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Methodist leaders voice support for London, decry attacks

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The Rev. R. Randy Day
July 7, 2005

A UMNS Report
By Tim Tanton*

Methodist leaders in the United States and Africa expressed sympathy and support July 7 for the people of London following a series of explosions that authorities believe were set by terrorists.

“Our hearts go out to the families of those who have been lost in this early morning attack,” said United Methodist Bishop Gregory Palmer, in a statement to Iowa Area church members. “We pray for healing for the injured and for strength for the emergency services and medical personnel who are, even now, caring for so many.”

The Rev. R. Randy Day, chief executive of the United Methodist Board of Global Ministries, wrote a letter of sympathy and concern to the Rev. David Deeks, top staff executive of the Methodist Church of Britain.

“In my letter, I recalled the importance of the expressions of support that came to the board from around the world at the time of the Sept. 11, 2001, attacks in New York and Washington D.C.,” Day said in a separate statement.

“Terrorists are cowards in that they attack the most vulnerable—in the London case, men and women, young and old, on the way to work on a Thursday morning. Such action is senseless and cannot foster any cause,” he said.

Nearly 40 people were believed killed and more than 700 injured, but British authorities were still assessing the toll July 7. A group purporting to be an al-Qaida organization in Europe claimed responsibility, but the authenticity of the claim could not be confirmed.

Day said he hoped the representatives of the Group of Eight nations, meeting in Gleneagles, Scotland, wouldn’t be diverted from their work “of providing assistance for the poorest nations.”

Bishop Peter Weaver, president of the United Methodist Council of Bishops, was sending personal messages to Archbishop of Canterbury Rowan Williams and to the Rev. Tom Stuckey, president of the British Methodist Conference, according to the council’s office in Washington.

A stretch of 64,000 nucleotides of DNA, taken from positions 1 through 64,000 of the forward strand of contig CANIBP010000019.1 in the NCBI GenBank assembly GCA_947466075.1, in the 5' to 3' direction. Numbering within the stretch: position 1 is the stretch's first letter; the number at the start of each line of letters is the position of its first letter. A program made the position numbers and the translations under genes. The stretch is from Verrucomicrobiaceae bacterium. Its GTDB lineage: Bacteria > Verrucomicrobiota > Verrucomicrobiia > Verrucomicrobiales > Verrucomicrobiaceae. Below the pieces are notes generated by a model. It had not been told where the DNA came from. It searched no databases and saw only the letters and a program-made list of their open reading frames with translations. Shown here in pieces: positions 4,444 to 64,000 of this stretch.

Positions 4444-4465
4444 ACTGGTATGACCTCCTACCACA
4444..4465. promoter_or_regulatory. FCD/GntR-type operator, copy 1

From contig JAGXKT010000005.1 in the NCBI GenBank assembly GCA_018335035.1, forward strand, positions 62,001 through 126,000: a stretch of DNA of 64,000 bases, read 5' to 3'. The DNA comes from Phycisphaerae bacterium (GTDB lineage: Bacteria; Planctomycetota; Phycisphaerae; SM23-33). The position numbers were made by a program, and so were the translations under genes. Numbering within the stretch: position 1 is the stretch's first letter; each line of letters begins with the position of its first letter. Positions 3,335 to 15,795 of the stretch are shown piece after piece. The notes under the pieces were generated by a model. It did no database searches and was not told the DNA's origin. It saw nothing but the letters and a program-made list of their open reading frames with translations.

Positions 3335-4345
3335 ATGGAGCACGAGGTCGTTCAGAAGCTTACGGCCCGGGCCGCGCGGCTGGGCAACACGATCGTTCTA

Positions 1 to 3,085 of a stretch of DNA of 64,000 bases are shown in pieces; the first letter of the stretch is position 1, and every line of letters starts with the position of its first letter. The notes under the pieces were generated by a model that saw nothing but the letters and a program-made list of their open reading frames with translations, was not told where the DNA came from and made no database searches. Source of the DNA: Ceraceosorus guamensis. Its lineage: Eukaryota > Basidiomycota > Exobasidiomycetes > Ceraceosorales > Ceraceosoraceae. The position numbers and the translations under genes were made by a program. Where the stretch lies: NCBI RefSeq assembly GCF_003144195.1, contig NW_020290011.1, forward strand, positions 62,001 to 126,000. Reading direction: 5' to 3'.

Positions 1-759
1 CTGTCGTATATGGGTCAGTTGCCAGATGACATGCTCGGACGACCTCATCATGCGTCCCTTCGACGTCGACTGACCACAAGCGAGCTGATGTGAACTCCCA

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The Rev. Samuel Kobia
The Rev. Samuel Kobia, a Methodist from Kenya and top staff executive of the World Council of Churches, expressed solidarity with the attack victims. The Geneva-based council is promoting a “Decade to Overcome Violence” through 2010—an effort that Kobia described as born out of a “radical rejection of violence.”

“Peace is the only way to achieve justice for all,” Kobia said. “When, as it seems on this occasion, violence is deliberately targeting civilians and willing to create terror in the population, it could be described as a crime against humanity. There is nothing that can justify the killing of innocent people anywhere.

“This kind of event is a call to all of us, churches, other religious organizations and the whole of humanity to strengthen our commitment to building a just and peaceful world where all human beings may feel secure and safe in their homes, in their cities and communities.”

The National Council of Churches USA said it joined in praying for the injured and offering sympathy to those who lost loved ones.

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Bishop Gregory V. Palmer
“While we recognize that religion is sometimes used to legitimize such acts of violence, we together with other mainstream religious organizations, including many in the Muslim community, thoroughly and unequivocally condemn such violence and enjoin all religious communities to pursue peace in a thousand ways,” said the Rev. Bob Edgar, top staff executive of the council and a United Methodist pastor.

Palmer noted London’s significance as a spiritual center for Methodists. John Wesley and the early Methodists “reached out to the widows, orphans, disposed and otherwise desperate sisters and brothers in the London streets nearly three centuries ago,” he said. Wesley Chapel and the Foundry are among the city’s Methodist landmarks.

“Let us pray, and intentionally work, for a world in which the anger and evil that infects some is cured by the witness and hands-on healing of the overwhelming love of Jesus Christ,” Palmer said.

*Tanton is managing editor for United Methodist News Service.

News media contact: Tim Tanton, Nashville, Tenn., (615) 742-5470 or

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